From social media and online marketplaces through to websites and bricks and mortar stores, there is no longer a single, linear path to purchase for consumers. As a result, you need to have the infrastructure to sell across a multitude of platforms and ensure consistent pricing, product availability and experience. It’s about meeting the customer where and how they want to shop rather than telling them what to do.
Many eCommerce platforms have plug-ins and inventory management systems to work with all the channels that you want to have a presence on but it can still be a time consuming task to manage. Outsourcing these types of tasks to an offshore team can be a cost effective way to stay on top of your sales channels whilst focusing your local team’s efforts towards growing your business.
In a study conducted by Forbes, they found that around two-thirds of shoppers today use social media as part of their shopping strategy. Over the years, social platforms have rolled out more robust integrations including features such as embedded links, clickable products in posts and paid advertising, although shoppers would still need to be directed to the business’ eCommerce website. However ‘Checkout’ on Instagram and Facebook, as an example, ensures users need never leave their app, completing the entire purchase within their social media account. The key for eCommerce will be to convert those social shoppers to brand loyal customers who purchase directly from the website in future transactions.
Everyone loves a surprise package in the mail and this is a desire that subscription services successfully tap into. Whether it’s a selection of fine wines, a self care package or even toilet paper, shoppers can have a monthly delivery dropped at their door. It provides the consumer with a service they can trust that will always be up to the same high standards and experience.
The contents can even be curated to suit the recipient and this offers a great deal of value to the customer as well as the convenience and monetary savings. From a business perspective, it’s a no-brainer - high quality loyal customers, a reliable income base and even streamlining opportunities in processes and transactions.
There’s been a common theme through many of the previous eCommerce trends around personalizing the shopping experience. This is key to a successful business in any field but even more so online. Shoppers like to feel recognised and valued by the companies they deal with and the types of interactions can range from the way a chatbot communicates through to product suggestions, account settings and email communications.
Personalization plays an important role in paid digital advertising and retargeting but when it comes to email marketing it’s even more important. Research indicates that personalized campaigns deliver up to 6 times higher transaction rates than mass emails. Messaging can be based around demographics and previous buying behavior or make assumptions based on their purchases compared to other shoppers. Email communications during dispatch and delivery are also vital to ensuring the customer feels that they’re being kept up to date on their order. And if they abandon their shopping cart part way through purchase, a subtle reminder email never goes astray.
In fact, Kibo found that marketers saw an average increase of 20% in sales when using personalized experiences. From the customer perspective, it saves them time but also feels like a tailor-made experience where the more they see the more they like.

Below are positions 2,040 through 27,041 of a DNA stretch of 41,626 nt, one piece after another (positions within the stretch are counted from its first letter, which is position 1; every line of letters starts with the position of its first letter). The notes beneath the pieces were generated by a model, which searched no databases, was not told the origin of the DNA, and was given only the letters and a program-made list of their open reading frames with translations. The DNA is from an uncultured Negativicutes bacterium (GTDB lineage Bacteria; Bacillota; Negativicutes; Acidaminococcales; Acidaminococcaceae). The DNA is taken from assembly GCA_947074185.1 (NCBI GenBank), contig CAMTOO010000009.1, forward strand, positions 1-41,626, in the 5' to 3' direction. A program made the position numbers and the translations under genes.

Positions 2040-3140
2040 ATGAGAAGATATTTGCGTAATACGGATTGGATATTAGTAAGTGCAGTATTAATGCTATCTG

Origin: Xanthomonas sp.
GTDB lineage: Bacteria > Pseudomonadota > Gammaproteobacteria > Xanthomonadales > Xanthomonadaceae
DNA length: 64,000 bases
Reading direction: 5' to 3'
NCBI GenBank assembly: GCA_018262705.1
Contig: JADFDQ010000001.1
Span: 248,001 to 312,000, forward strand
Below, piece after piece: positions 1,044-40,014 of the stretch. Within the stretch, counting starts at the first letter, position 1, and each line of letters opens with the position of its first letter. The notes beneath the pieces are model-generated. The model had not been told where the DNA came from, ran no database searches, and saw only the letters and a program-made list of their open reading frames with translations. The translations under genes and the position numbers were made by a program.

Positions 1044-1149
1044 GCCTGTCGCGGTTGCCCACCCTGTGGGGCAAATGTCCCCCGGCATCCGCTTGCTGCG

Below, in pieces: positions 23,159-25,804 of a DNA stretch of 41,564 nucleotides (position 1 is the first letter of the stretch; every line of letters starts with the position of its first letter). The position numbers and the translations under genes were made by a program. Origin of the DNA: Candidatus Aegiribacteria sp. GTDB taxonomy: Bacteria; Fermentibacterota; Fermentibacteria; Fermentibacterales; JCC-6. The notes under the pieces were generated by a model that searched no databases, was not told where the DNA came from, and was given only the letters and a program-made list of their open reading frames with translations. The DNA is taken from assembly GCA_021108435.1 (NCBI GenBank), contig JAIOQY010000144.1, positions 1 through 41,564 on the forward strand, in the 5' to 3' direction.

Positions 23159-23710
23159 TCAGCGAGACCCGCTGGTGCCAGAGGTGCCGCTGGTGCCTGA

While environmental consciousness and sustainability has been on the radar for a while, it’s really only reached trend status for the broader eCommerce industry in more recent times. Certain retailers have always had a sustainable ethos at the core of their business, but customer demand is now forcing organizations to change the way they do business. From carbon neutral shipping and zero-waste packaging to eco-friendly supply chains and humane manufacturing practices, being a good global citizen is now a basic expectation. Retailers who don’t get on board are likely to be left behind in the competition for consumer dollars.
Nearly 69% of organizations are having difficulty sourcing and retaining skilled talent thanks to the current global talent shortage, resulting in about U.S. $8.5 trillion in unrealized annual revenues. With the pandemic pushing global unemployment over the 200 million mark, it would be fair to assume that employers might ‘have their pick’ from a large pool of quality, skilled workers who suffered because of sudden employment losses or financial turmoil during this time. However, there is research to suggest that applicants are now in control, wanting more value-based benefits from potential employers rather than just financial gain.
Considering alternative resourcing strategies, like offshoring, is a way organizations can open up to a global pool of quality talent while reducing employment costs by up to 70% in the process.
eCommerce offshoring or outsourcing is the process of sending certain eCommerce tasks to an organization outside of your own to complete. This could mean hiring individual employees in these outsourcing organizations to complete these tasks or even a team of eCommerce-focused offshore staff. The great thing about eCommerce offshoring, and if you choose the right provider, is that it is flexible and can adjust to the needs and changes within your business.
You need more resources to help with a spike in sales and well-established offshore providers can get this sorted for you. Are you going into a eCommerce “lull” and need to cut back on offshore assistance for a bit, your offshore partner can provide you with advice on next steps.
Some of the more frequently outsourced eCommerce roles include, but are not limited to:
eCommerce is clearly here to stay and while the upside of the sector is immense, so too are the potential headaches for organizations wanting to keep pace or simply get a foot in the door.
To assist companies on that journey, we’ve compiled a list of challenges and benefits businesses of all sizes need to be conscious of when navigating the landscape and how eCommerce outsourcing can play a vital role in easing such burdens.